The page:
All of this can be confusing to those following the news. And rather irrelevant. We already know that the United States has been assassinating non-believers, or suspected non-believers, with regularity, and impunity, in recent years, using unmanned planes (drones) firing missiles, in Yemen, Afghanistan, Pakistan, and Somalia, if not elsewhere. (Even more victims have been produced from amongst those who happened to be in the same house, car, wedding party, or funeral as the non-believer.) These murders apparently don’t qualify as “assassinations”, for somehow killing “terrorists” from 2000 feet is morally and legally superior to doing so from two feet away.

But whatever the real story is behind the current rash of speculation, we should not fall into the media’s practice of at times intimating that multiple or routine CIA assassination attempts would be something shocking or at least very unusual.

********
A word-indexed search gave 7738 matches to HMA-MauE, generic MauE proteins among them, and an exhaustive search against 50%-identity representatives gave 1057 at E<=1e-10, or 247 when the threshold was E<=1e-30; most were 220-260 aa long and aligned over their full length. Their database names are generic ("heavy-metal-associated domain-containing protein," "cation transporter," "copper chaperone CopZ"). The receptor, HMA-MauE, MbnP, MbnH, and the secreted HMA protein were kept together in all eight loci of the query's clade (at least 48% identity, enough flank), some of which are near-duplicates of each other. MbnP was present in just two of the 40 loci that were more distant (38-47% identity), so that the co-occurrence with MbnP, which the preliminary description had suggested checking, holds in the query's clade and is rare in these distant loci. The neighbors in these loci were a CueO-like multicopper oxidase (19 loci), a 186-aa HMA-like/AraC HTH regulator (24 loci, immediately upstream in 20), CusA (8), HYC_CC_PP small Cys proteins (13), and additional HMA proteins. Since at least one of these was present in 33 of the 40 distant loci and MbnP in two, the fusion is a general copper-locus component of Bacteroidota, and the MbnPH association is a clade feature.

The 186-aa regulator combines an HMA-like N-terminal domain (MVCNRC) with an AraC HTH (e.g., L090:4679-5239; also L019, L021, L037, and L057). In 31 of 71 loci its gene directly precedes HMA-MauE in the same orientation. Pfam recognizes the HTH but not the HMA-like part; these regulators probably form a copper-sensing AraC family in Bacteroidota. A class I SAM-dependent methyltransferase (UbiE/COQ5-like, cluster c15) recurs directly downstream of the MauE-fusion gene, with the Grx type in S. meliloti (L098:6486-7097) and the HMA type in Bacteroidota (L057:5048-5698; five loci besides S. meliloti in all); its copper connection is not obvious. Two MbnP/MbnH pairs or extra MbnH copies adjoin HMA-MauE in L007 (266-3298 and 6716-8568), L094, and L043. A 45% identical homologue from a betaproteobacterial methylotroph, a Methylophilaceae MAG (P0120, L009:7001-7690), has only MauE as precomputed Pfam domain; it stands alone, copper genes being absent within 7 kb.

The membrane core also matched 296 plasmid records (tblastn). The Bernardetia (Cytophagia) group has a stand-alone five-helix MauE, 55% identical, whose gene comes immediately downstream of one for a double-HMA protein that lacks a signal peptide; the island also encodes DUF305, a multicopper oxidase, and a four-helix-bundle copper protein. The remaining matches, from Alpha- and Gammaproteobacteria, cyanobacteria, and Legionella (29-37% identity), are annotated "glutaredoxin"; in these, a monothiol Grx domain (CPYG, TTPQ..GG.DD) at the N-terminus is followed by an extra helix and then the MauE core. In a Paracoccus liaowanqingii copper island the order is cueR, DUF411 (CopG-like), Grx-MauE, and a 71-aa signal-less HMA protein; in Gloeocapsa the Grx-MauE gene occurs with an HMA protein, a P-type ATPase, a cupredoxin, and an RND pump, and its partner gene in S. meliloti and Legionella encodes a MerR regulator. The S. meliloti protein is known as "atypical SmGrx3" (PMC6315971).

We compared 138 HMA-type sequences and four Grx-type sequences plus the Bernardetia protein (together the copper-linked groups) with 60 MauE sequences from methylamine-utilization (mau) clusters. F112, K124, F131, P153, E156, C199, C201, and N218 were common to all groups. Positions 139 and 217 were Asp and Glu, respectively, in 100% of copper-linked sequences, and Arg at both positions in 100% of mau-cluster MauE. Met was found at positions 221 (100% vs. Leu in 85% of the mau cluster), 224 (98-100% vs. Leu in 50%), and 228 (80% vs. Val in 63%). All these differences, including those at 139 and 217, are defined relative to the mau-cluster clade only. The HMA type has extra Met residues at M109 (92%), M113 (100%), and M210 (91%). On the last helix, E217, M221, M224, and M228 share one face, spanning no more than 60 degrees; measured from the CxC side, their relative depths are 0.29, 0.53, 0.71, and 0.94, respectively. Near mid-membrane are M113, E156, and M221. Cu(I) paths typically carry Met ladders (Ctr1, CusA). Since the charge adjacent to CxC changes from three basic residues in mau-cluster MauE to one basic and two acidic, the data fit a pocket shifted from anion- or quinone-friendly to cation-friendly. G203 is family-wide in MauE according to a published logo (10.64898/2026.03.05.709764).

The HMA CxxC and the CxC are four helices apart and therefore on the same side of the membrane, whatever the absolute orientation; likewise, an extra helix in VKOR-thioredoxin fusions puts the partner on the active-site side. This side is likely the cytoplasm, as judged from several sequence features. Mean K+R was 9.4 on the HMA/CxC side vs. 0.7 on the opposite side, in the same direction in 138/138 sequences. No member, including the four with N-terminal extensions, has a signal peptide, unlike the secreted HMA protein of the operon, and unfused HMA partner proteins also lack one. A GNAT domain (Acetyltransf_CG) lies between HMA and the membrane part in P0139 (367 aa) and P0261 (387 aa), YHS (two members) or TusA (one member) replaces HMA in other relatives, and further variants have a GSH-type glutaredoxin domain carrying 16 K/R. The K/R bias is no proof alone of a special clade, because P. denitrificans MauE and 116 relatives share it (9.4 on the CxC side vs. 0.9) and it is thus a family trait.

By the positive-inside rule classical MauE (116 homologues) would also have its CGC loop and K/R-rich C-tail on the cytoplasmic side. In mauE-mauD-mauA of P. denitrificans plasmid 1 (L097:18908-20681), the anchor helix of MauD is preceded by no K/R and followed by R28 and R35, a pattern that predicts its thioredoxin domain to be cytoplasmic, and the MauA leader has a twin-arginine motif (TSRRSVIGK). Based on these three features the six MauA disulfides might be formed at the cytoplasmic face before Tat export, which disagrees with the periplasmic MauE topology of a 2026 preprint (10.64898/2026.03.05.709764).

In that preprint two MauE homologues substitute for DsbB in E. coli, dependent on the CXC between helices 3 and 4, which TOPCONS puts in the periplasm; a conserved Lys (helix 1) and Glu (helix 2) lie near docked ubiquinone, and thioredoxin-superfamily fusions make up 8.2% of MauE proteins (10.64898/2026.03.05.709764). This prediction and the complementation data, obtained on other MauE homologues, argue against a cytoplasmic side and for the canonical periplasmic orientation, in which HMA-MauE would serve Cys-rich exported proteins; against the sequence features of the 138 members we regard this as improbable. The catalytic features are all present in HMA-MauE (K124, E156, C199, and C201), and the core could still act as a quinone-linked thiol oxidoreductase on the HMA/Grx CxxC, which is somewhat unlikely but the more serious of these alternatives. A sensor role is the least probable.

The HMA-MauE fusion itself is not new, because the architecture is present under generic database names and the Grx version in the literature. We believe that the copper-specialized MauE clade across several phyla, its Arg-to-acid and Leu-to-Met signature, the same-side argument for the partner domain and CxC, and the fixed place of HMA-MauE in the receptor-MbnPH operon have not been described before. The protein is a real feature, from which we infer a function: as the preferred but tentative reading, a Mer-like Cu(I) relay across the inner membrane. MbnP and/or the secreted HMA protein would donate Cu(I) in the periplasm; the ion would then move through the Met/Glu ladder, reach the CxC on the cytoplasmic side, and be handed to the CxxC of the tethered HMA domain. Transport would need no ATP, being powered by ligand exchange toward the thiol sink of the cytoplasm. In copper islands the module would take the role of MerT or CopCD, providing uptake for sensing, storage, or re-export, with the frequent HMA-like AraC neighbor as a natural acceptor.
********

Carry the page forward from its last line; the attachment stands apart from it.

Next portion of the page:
I’ve compiled a list of CIA assassination attempts, successful and unsuccessful, against prominent foreign political figures, from 1949 through 2003, which, depending on how you count it, can run into the hundreds (targeting Fidel Castro alone totals 634 according to Cuban intelligence);2) the list can be updated by adding the allegedly al Qaeda leaders among the drone attack victims of recent years. Assassination and torture are the two things governments are most loath to admit to and try their best to cover up. It’s thus rare to find a government document or recorded statement mentioning a particular plan to assassinate someone. There is, however, an abundance of compelling circumstantial evidence to work with. The list can be found here.

For those of you who collect lists about splendid US foreign policy post-World War II, here are a few more that, lacking anything better to do, I’ve put together: Attempts to overthrow more than 50 foreign governments, most of which had been democratically-elected.